What the networks say


"Kiwis love to do things on the go, and we've found that video streaming apps such as Netflix can chew through a lot of data - around 700MB per hour in standard definition streaming, or up to 3GB an hour for High Definition streaming.

"Vodafone commissioned market research agency Colmar-Brunton to carry out a study on data usage and attitudes.

"Our research shows mobile data workarounds have become ingrained in Kiwis' daily life, like searching for free Wi-Fi sites that are often patchy and slow, or only downloading play lists or watching video streaming at home.

"Our Vodafone Pass add-on delivers endless data on New Zealand's favourite apps, like Facebook Instagram, Snapchat, Spotify and Netflix. Vodafone Pass lets consumers enjoy their favourite content, whether it's music, social, chat or video, without worrying about using up their mobile data allowance."


"Data usage depends on the richness of content consumed, so for example scrolling through a mainly text website will use considerably less data than streaming music or a video.

"Plan and download your favourite content over WiFi - that way no data is used when you come to actually consume the content.

"Some phones have the ability to implement a data usage limit.

"Keep track of how much you're using. The Spark app has a great usage meter that shows how much data has been used, and how much data is remaining in the customer's monthly allocation at any given point.

"Connect to WiFi where possible. Spark have just under a thousand free WiFi hotspots nationwide for customers. However, it's important to note that not all public WiFi networks are secure so avoid accessing confidential information whilst connected to unknown networks.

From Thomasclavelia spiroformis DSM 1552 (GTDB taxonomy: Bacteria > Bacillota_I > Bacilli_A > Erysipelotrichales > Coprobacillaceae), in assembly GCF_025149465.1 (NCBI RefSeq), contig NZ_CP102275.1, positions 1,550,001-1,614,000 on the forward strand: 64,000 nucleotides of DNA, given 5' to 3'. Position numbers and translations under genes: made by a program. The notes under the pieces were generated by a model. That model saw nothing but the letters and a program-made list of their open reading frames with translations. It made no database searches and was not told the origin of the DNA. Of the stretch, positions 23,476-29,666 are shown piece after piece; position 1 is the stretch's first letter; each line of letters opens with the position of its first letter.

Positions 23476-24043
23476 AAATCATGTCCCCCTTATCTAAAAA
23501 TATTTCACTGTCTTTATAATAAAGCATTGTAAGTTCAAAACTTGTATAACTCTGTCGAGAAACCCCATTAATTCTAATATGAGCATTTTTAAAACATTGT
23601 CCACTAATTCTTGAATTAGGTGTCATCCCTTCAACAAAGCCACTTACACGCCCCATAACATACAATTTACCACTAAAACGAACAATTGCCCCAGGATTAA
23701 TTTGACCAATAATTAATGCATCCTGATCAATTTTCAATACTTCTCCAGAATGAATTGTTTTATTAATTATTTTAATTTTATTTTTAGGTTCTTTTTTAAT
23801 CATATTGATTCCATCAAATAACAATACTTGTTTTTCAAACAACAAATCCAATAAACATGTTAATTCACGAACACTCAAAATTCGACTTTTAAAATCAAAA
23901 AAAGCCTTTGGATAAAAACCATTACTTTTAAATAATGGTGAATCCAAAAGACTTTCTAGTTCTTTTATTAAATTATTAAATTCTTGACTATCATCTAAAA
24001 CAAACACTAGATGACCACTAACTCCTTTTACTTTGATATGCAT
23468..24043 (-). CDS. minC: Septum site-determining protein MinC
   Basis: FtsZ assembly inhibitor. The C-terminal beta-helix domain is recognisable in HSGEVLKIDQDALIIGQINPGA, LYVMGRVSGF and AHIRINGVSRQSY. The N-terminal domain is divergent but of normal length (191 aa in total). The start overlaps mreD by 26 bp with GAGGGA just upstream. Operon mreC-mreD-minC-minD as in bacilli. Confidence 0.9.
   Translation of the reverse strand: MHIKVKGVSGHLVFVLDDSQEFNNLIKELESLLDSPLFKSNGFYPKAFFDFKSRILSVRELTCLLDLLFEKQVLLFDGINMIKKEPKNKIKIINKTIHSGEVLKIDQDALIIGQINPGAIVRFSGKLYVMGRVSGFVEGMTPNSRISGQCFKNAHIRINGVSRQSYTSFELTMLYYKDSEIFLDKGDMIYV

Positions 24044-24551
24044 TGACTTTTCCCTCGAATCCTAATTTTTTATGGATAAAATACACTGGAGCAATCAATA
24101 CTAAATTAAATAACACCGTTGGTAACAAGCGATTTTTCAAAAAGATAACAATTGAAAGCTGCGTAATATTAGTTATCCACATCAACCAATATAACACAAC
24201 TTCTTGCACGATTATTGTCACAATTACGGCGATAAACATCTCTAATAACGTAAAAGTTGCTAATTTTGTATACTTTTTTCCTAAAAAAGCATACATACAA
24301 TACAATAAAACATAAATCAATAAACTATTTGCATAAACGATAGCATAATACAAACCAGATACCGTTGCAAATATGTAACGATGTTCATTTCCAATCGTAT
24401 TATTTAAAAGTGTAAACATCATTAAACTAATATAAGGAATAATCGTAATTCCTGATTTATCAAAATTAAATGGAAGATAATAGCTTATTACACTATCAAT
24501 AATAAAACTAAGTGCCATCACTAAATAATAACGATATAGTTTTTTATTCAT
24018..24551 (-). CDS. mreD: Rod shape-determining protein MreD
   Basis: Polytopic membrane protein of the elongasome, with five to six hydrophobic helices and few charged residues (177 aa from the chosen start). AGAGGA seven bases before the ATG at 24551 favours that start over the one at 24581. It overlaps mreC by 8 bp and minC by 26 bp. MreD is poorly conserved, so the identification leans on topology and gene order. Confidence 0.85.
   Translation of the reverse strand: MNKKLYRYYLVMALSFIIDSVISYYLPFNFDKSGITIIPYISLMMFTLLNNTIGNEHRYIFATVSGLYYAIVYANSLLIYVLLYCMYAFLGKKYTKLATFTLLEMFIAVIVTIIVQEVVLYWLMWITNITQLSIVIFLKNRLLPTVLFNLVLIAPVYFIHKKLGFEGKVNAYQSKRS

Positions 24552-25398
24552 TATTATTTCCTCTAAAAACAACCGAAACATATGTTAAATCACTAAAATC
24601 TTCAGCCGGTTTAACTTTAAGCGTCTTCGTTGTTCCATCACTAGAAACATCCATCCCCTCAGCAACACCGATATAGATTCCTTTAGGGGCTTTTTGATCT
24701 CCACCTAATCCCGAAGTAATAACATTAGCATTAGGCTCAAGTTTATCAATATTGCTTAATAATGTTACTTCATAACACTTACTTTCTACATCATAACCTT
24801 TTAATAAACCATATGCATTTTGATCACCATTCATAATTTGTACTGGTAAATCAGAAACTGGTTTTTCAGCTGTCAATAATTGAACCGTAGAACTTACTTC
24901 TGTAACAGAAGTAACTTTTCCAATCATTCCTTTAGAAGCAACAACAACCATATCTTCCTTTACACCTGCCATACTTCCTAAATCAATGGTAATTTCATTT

"Ensure that any back-ups are only being run over Wifi so they aren't backing up content while you're using data.

"Keep up with the latest specials. We have recently launched 10GB free socialiser for six months so customers don't have to worry about running out of data over the summer holidays."

2 Degrees

"We're always super keen to help people find smart ways to use their data - or get more bang for their buck "on their current plan.

"If people are finding they are using their data then probably the easiest thing to do in the short term is look at video. Streaming video and movies is usually pretty data intensive as a rule. Consider turning off roaming for apps you don't use regularly.

"The reality is that these days, people use their phones for more than they used to - so naturally their data use goes up. It might be time to switch to a 2degrees monthly plan, which allows you to carry over any data you don't use for the next month and potentially build up a buffer. 

"Another option is our new pool plan. Let's say you mate or your partner are both on our $30 plan (3G of data a month).

"If you upgrade to our Pool Plan, for $30 a month each, you can share 10G of data across both accounts. So that's 2G more if you pool your resources."